In my earlier post, I outlined a few myths about 5G to avoid the cascading technology trap. Here, I like to extend the discussion and share a few data points on the cost of 5G networks. Over the past few months, our team has analyzed vendors’ roadmaps and product features, assessed spectrum and its cost, and developed deployment scenarios and cost models for 5G. We used this information to optimize our financial models and to deepen our understanding of potential operator strategies in upgrading to 5G networks.
5G Capital Expenses
Taking South Korea as an example – a country of 51 million people with excellent fiber infrastructure that’s widely available to support the backbone of 5G services, the cost of 5G is set to exceed $8 Billion in capital investments for a single service provider. This excludes over $870 million for 100 MHz in 3.5 GHz that’s scheduled for auction in June*.
Deploying 5G in 3.5 GHz delivers on the throughput performance promise. Unfortunately, it will resemble Swiss cheese from a coverage perspective. Operators will need to plan the rollout over a time period to reach comparable mobile performance to current systems. Therefore, operators will have to pay more to deploy 5G networks than they paid for 4G networks to achieve the same footprint.
We can only evaluate investments in 5G in the context of new revenues it generates. A number of services could benefit from the lower latency and high throughput offered by 5G, but the question is whether the service providers will be able to monetize these services. Doing so uncovers a relatively high level of risk facing service providers with respect to 5G with direct impact on the supporting ecosystem.
To reduce the risk to service providers, the South Korean ICT ministry was active in getting the operators to agree to an infrastructure sharing model as reported recently. SK Telecom, KT, LG Uplus and SK Broadband will jointly build a 5G infrastructure with an estimated KRW1 trillion ($935 million) savings over the next ten years. Operators that are ahead of others in footprint density and subscriber base have legitimate concerns that weaker service providers would receive a higher proportion of the benefits. But for a government looking to optimize service at a national level, it makes sense to eliminate spending duplication for basic performance parameters such as coverage and data rate while maintaining competition at the service layer. It also serves to reduce risk for the service providers in the early years of 5G roll out as business models are validated.
The US Scenario
The US market hinges to a large degree around Verizon and AT&T as the dominant service providers with the highest subscriber base, revenues, and expenditures. Hence, the market forks along the fixed wireless access plans announced by Verizon and the mobile plans announced by AT&T. While the first is clear, there has not been clarity on the second path. In a blog post CTO Andre Fuetsch explains AT&T’s “5G Evolution” plan which is LTE-Advanced featuring 4×4 MIMO, 256 QAM modulation and 3-carrier aggregation in addition to using Licensed Assisted Access (LAA) where available. This technology is available and already deployed in different markets around the world. AT&T chose to brand it using 5G. This raises the question whether operators will do all they can to claim 5G without actually deploying it. Irrespective, the outcome serves to confuse the investment community, especially in adjacent ecosystems that are waiting for 5G. Examples of these ecosystems include large private enterprises and smart city projects that are in process of making technology decisions.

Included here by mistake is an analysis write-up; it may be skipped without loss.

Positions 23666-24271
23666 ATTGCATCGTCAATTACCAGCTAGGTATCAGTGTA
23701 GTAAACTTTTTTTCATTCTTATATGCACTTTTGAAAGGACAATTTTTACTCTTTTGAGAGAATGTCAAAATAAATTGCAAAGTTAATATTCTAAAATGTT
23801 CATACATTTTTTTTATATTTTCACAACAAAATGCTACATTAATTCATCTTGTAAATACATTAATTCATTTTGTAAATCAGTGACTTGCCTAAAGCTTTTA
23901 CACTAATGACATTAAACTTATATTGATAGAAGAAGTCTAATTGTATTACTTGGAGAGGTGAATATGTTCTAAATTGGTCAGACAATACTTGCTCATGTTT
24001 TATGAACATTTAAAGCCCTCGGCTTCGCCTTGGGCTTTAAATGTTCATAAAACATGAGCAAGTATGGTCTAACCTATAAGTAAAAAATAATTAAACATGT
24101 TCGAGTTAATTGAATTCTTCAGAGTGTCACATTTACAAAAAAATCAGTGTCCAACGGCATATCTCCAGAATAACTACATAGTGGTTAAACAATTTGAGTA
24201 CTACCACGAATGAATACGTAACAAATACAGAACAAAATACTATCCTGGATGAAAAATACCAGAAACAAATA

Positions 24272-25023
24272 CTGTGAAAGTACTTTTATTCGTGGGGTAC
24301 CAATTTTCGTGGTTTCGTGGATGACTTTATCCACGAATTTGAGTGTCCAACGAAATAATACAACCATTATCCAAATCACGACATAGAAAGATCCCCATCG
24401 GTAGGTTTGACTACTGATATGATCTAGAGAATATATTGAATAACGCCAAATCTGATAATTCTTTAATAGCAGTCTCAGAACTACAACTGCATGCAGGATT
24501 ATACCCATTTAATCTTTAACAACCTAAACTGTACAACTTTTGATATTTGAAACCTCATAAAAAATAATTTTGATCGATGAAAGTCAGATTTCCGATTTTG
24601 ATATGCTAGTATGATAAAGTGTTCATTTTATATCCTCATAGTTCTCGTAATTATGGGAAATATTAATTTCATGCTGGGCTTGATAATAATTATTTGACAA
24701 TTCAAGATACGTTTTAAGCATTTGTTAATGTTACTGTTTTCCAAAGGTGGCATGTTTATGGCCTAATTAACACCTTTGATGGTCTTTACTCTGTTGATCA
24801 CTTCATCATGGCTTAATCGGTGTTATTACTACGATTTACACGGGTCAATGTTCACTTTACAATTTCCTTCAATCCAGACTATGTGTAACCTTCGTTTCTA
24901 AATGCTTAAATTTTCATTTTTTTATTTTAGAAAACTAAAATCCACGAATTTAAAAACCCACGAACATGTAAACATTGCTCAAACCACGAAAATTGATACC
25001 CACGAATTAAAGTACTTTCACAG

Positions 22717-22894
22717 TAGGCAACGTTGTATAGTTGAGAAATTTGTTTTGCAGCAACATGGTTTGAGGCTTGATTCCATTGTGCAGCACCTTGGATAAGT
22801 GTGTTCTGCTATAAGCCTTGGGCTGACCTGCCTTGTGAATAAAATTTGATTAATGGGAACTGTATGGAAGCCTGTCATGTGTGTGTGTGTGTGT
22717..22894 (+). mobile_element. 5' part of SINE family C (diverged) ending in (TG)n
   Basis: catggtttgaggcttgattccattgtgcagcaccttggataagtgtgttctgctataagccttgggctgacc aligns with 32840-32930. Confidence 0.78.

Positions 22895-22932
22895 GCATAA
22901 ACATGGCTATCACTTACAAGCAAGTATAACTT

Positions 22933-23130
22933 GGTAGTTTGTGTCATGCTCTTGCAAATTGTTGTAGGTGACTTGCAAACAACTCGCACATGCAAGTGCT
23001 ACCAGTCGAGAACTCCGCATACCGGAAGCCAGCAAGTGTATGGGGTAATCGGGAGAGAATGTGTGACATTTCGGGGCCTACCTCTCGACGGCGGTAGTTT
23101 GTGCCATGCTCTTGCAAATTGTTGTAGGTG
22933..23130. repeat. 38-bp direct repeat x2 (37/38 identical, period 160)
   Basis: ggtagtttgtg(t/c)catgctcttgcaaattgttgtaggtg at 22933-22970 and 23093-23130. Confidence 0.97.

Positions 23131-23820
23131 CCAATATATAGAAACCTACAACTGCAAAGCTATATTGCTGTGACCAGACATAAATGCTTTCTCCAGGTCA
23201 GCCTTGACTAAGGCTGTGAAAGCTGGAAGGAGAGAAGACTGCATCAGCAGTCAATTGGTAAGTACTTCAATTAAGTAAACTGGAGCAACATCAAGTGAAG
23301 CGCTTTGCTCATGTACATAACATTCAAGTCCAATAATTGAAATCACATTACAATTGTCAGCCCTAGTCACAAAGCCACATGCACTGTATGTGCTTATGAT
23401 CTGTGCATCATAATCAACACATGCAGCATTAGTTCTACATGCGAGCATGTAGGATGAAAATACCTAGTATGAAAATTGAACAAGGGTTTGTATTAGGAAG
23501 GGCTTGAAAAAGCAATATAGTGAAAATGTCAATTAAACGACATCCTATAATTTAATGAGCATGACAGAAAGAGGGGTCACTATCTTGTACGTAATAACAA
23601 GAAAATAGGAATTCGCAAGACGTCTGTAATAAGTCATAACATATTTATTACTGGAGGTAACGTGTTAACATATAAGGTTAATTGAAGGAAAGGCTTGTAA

Apple’s iPhone support site states “4G can also indicate a UMTS connection on some GSM networks, including AT&T’s and T-Mobile’s high-speed network in the United States. For more information, contact your carrier.” Just as there was a race to claim 4G, we are in the midst of another race to 5G. However, there are many differences between 2009 when LTE was at the cusp of deployments and 2018. The business case was more clear then as data rates were exploding in a way that inefficient 3G networks could not handle. Verizon wanted to get off the CDMA technology and was ready to be the 4G market catalyst.
Today’s challenges are of a different nature and will require different solutions and approaches. Numbers tell us of the required investment to enable 5G. But we are yet to have a compelling estimate of 5G profitability: reducing this risk is one worthwhile exploring and investing in.
* The price set by the South Korean regulator exceeds norms for 3.5 GHz seen around the world!